How terror groups vied for a player

All the terrorists wanted Shadi Abdallah on their team.

Like many disenchanted Muslim youths in the late 1990s, the Jordanian-born Mr. Abdallah had embarked on a wandering journey that ended in the terror training camps of Afghanistan. But Abdallah was apparently a better student than most. As his time in the camps neared its end in 2001, at least two major Islamist factions began vying for his services.

In a face-to-face meeting, Osama bin Laden invited him to join Al Qaeda - and even asked him to serve as a personal bodyguard. Meanwhile, Abu Musab al Zarqawi, the now-infamous Jordanian deemed responsible for recent attacks in Iraq, wanted Abdallah to join Al Tawhid, Mr. Zarqawi's rival organization.

Abdallah opted for Al Tawhid, in part due to Jordanian ties. He went to Germany to carry out attacks, but his plans were interrupted when German authorities arrested him in April 2002.

Is that the end of his story? Not entirely. Since then, information provided by Shadi Abdallah - still in German custody - has painted a vivid, and in some ways surprising, picture of Islamic terrorism. His interrogations - a summary of which was given to the Monitor by a European intelligence source and deemed credible by an intelligence official from a separate European country - depict a world riven by internal rivalries, with different groups fighting over men and money.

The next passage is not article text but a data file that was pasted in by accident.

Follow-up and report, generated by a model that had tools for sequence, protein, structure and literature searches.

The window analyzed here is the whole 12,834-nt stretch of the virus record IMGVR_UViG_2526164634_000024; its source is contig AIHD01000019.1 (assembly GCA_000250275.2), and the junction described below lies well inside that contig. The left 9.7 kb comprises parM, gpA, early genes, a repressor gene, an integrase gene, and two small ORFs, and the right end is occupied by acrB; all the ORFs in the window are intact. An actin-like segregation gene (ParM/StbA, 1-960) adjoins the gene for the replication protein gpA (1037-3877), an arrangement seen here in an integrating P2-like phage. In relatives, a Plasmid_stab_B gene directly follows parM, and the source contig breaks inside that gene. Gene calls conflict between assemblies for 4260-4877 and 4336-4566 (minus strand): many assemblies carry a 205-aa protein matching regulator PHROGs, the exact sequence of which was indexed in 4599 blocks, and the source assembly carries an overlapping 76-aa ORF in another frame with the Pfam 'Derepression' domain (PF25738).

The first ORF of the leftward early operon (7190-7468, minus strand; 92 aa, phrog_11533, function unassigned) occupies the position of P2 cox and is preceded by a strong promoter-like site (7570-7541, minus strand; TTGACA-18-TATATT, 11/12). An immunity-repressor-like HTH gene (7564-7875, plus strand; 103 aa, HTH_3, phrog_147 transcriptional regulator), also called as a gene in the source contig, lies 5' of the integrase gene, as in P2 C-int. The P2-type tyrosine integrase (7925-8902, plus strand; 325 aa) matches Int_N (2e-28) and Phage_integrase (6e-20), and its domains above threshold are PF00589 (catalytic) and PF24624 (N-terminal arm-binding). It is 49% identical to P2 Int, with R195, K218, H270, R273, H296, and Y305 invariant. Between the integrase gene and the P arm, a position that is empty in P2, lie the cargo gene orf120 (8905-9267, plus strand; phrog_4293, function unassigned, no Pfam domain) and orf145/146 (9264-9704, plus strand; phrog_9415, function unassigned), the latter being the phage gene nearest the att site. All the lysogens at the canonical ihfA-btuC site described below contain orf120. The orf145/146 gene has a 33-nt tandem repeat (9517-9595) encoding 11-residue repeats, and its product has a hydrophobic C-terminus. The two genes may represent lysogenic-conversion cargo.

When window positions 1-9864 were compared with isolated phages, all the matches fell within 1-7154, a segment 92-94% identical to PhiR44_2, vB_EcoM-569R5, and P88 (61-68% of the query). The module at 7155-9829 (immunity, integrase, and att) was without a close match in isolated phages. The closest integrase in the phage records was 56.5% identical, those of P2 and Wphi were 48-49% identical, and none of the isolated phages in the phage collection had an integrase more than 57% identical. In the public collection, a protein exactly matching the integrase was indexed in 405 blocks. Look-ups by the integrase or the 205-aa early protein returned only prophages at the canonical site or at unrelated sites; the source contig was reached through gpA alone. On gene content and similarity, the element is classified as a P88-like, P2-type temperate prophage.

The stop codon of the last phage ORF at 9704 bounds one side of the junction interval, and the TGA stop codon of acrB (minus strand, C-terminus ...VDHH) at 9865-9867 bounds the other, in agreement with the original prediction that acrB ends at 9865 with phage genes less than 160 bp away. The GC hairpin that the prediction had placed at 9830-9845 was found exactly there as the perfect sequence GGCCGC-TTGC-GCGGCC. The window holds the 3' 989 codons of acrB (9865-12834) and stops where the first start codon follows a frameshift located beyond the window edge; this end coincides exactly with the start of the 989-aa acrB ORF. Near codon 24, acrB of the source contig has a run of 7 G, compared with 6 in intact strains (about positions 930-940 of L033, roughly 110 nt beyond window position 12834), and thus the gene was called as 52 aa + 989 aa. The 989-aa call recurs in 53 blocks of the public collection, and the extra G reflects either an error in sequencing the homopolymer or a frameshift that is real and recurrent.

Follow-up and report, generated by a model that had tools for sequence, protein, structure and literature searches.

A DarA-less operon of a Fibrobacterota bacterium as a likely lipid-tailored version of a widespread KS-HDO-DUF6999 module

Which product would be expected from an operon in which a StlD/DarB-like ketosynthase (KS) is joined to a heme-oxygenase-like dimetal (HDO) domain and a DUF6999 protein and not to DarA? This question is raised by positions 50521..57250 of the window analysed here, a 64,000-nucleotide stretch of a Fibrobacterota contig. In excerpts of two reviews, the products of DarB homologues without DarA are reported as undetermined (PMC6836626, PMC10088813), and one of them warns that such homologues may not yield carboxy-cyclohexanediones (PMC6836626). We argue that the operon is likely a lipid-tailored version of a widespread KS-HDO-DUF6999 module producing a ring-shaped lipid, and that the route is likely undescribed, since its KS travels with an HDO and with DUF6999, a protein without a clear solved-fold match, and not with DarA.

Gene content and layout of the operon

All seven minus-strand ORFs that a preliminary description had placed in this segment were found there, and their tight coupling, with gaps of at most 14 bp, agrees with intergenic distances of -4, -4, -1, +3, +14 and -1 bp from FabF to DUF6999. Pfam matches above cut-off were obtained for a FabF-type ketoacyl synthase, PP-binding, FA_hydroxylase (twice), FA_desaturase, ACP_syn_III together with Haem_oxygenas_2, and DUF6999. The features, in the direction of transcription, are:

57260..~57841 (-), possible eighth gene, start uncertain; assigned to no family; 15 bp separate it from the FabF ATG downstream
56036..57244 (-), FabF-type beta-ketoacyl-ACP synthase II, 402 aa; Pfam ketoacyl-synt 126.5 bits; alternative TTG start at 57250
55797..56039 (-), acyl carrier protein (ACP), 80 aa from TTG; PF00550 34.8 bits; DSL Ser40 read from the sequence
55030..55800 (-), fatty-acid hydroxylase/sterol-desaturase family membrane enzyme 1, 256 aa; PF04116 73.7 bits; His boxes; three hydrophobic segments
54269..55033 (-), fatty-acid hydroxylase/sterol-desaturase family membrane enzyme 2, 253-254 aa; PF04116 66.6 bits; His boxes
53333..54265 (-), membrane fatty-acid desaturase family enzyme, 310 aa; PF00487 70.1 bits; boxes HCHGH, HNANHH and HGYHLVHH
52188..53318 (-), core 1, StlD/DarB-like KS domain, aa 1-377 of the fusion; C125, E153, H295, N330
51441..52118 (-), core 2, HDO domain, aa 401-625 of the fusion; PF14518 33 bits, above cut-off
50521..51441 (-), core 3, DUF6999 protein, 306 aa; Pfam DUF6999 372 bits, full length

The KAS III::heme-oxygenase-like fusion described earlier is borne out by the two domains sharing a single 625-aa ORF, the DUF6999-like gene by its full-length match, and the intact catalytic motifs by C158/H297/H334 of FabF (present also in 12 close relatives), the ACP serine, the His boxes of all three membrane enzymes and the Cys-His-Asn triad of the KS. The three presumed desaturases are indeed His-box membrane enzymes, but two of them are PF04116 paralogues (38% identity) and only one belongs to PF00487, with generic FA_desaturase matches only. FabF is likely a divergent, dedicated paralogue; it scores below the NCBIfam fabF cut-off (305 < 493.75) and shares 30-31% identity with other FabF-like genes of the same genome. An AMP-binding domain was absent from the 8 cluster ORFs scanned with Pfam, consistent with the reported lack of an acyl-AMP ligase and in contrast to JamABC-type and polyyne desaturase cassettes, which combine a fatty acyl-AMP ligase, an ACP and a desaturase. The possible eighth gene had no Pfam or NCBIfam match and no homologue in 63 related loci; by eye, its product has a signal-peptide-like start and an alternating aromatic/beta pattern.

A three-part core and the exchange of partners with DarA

There is unity, but there is also bickering over status in their own terror league.

"This is a very important document," says Bruce Hoffman, a terror expert at RAND Corp. in Washington. "It confirms that Zarqawi was running a parallel organization - not completely divorced from Al Qaeda, but separate. And that [Zarqawi] competes with Osama bin Laden and sees himself as somewhat of an emulator, or even a successor in the Muslim world."

To the US public, Islamic terrorism is symbolized by the thin, haunting face of Mr. bin Laden. They see him - and the US government portrays him - as a dominant figure among terror factions.

But that may be only one part of the story. In the transcript summarizing his interrogations, Abdallah provides insights into Al Qaeda and its relationship with the group led by Zarqawi, who US officials say was also behind the October 2002 assassination of US diplomat Laurence Foley in Amman, Jordan, as well as a recent string of foiled ricin attacks across Europe.

He also provides insight into how disaffected Muslims adopt the terrorist way of life.

The early years

Like many young Muslim men living in the politically and economically troubled Middle East in the early 1990s, Abdallah left his family in Jordan to pursue a more prosperous, rewarding life in Europe.

He lived in Germany the longest, but - disenchanted with the secular life there - left in late 1999 to become more pious. He joined a pilgrimage to Mecca.